Tai Qi and Po­etry

太极与诗

Special Focus - - Contents - Shang Zhen

Itruly love to watch oth­ers prac­tic­ing Tai Qi. One time, in a town square I saw dozens of peo­ple prac­tic­ing Tai Qi. I stayed there, watch­ing them from the be­gin­ning un­til the very end of their ses­sion.

Prac­tic­ing Tai Qi and writ­ing po­etry have many things in com­mon. For ex­am­ple, both need a mind at peace that can in­spire the prac­ti­tion­ers’ imag­i­na­tion and tal­ents. Both need con­cen­tra­tion, which al­lows prac­ti­tion­ers to fly free be­tween the Earth and the Heaven. Both in­volve a gen­tle ges­ture on the sur­face yet strength in char­ac­ter. Fur­ther­more, both must be pre­cise yet flex­i­ble.

Be­ing firmly grounded means you are equipped with abun­dant life ex­pe­ri­ences, and nav­i­gat­ing the ethe­real realms re­veals a deep re­gard for cul­ture and aes­thet­ics.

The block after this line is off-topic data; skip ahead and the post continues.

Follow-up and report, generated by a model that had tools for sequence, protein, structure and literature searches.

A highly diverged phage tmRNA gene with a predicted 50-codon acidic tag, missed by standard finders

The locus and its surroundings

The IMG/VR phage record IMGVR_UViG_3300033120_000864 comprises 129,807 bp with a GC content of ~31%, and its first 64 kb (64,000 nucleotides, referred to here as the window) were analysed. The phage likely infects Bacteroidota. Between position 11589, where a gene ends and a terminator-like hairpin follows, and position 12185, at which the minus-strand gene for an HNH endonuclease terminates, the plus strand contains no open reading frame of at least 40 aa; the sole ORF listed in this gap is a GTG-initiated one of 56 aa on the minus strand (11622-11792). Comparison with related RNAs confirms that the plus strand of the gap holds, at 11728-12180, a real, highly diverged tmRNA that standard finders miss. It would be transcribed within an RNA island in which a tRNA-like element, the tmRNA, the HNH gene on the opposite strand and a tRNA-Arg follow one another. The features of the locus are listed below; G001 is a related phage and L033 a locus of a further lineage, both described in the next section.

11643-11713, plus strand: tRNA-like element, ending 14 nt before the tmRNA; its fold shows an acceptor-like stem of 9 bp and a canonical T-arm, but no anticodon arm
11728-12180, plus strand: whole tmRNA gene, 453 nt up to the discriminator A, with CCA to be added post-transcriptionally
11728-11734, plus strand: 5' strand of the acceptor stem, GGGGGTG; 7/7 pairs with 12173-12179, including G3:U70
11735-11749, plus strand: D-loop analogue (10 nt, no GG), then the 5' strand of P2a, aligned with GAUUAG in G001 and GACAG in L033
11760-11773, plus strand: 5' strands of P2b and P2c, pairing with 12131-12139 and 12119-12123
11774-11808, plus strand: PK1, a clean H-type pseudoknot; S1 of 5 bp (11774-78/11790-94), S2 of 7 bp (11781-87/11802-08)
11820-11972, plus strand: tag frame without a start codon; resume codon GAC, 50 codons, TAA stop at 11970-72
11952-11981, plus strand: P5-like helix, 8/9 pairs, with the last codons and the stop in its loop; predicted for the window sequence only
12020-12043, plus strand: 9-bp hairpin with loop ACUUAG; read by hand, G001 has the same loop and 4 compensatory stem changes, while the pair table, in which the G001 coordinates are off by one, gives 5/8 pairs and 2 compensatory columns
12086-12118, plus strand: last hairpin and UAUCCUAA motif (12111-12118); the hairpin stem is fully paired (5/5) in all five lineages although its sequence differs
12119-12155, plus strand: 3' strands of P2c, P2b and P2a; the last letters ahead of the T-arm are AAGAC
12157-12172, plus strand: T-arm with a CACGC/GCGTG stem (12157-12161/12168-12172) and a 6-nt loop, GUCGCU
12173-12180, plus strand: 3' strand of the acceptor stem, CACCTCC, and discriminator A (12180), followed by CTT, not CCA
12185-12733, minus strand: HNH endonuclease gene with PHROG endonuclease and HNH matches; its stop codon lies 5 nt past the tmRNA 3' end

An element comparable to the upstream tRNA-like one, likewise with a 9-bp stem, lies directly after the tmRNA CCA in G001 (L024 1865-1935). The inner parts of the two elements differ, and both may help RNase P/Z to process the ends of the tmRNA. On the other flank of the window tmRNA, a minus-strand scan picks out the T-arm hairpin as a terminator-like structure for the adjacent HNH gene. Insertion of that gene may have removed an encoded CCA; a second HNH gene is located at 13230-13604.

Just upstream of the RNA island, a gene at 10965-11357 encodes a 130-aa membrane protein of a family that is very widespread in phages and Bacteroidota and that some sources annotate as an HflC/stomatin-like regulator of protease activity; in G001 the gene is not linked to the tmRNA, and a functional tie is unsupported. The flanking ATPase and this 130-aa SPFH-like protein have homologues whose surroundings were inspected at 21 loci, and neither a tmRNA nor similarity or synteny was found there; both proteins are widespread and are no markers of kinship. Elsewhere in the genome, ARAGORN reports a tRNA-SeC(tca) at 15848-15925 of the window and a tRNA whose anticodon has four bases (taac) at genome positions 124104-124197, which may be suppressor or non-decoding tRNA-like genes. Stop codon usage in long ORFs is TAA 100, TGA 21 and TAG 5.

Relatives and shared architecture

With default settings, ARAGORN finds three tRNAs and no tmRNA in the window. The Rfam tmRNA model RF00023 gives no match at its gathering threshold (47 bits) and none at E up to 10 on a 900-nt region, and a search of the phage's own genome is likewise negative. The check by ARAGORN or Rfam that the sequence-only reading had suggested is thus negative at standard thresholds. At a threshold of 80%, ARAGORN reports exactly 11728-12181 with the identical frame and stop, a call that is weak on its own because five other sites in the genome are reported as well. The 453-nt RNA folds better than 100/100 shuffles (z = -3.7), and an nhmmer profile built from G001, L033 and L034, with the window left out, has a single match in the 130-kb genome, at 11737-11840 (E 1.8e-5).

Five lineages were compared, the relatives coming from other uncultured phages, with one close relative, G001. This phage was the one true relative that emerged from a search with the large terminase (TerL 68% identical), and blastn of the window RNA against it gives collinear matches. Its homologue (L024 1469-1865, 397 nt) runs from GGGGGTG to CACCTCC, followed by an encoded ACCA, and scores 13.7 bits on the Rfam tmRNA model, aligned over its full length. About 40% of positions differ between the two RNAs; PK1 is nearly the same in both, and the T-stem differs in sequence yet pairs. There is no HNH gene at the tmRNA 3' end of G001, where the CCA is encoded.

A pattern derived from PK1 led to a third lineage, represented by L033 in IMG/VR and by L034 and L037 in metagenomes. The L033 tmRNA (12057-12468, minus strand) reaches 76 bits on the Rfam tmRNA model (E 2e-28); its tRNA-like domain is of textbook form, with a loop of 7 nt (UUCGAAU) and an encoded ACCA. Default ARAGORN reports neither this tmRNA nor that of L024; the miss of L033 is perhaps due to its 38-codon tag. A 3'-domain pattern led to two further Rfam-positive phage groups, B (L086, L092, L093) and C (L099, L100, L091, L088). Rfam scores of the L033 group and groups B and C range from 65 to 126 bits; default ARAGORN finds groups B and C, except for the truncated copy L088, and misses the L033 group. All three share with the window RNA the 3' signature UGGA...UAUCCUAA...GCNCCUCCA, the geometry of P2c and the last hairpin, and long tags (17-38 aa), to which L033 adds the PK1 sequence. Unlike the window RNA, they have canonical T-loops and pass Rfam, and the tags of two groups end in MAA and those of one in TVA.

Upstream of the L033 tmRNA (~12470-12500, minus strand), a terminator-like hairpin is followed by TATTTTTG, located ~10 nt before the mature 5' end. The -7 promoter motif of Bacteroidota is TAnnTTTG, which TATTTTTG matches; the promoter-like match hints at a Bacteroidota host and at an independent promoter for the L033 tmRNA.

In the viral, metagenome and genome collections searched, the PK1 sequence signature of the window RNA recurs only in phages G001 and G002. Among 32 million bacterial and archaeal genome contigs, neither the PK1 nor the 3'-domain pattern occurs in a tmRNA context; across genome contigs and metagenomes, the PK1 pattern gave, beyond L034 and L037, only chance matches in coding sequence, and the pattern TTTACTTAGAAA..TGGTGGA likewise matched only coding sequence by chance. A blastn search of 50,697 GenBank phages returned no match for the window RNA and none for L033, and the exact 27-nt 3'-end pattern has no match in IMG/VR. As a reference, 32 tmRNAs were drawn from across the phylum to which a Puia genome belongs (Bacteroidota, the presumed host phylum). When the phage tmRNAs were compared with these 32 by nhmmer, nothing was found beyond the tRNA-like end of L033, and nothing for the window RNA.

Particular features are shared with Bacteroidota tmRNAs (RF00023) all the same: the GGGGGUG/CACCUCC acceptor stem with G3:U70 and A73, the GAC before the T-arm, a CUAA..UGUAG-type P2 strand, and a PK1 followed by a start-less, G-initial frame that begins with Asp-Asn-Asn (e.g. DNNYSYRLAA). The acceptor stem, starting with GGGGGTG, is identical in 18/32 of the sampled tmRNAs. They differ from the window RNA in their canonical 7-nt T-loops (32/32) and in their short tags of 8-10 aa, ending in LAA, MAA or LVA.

A poem is not a prod­uct of iso­la­tion, but is closely in­ter­twined with worldly de­tails. A poet must be en­trenched in the world around them, keenly ob­serv­ing phe­nom­ena, hon­ing their skills, build­ing their knowl­edge, and cul­ti­vat­ing their abil­ity to ex­pe­ri­ence epiphany.

I do not be­lieve that a per­son who lives in iso­la­tion, keep­ing their doors and win­dows closed to the sights and sounds of the world, will ever write a good poem.

(From Ran­domNotesinSanyu

Tang , The Writ­ers Pub­lish­ing House. Trans­la­tion: Jon Gart­ner)

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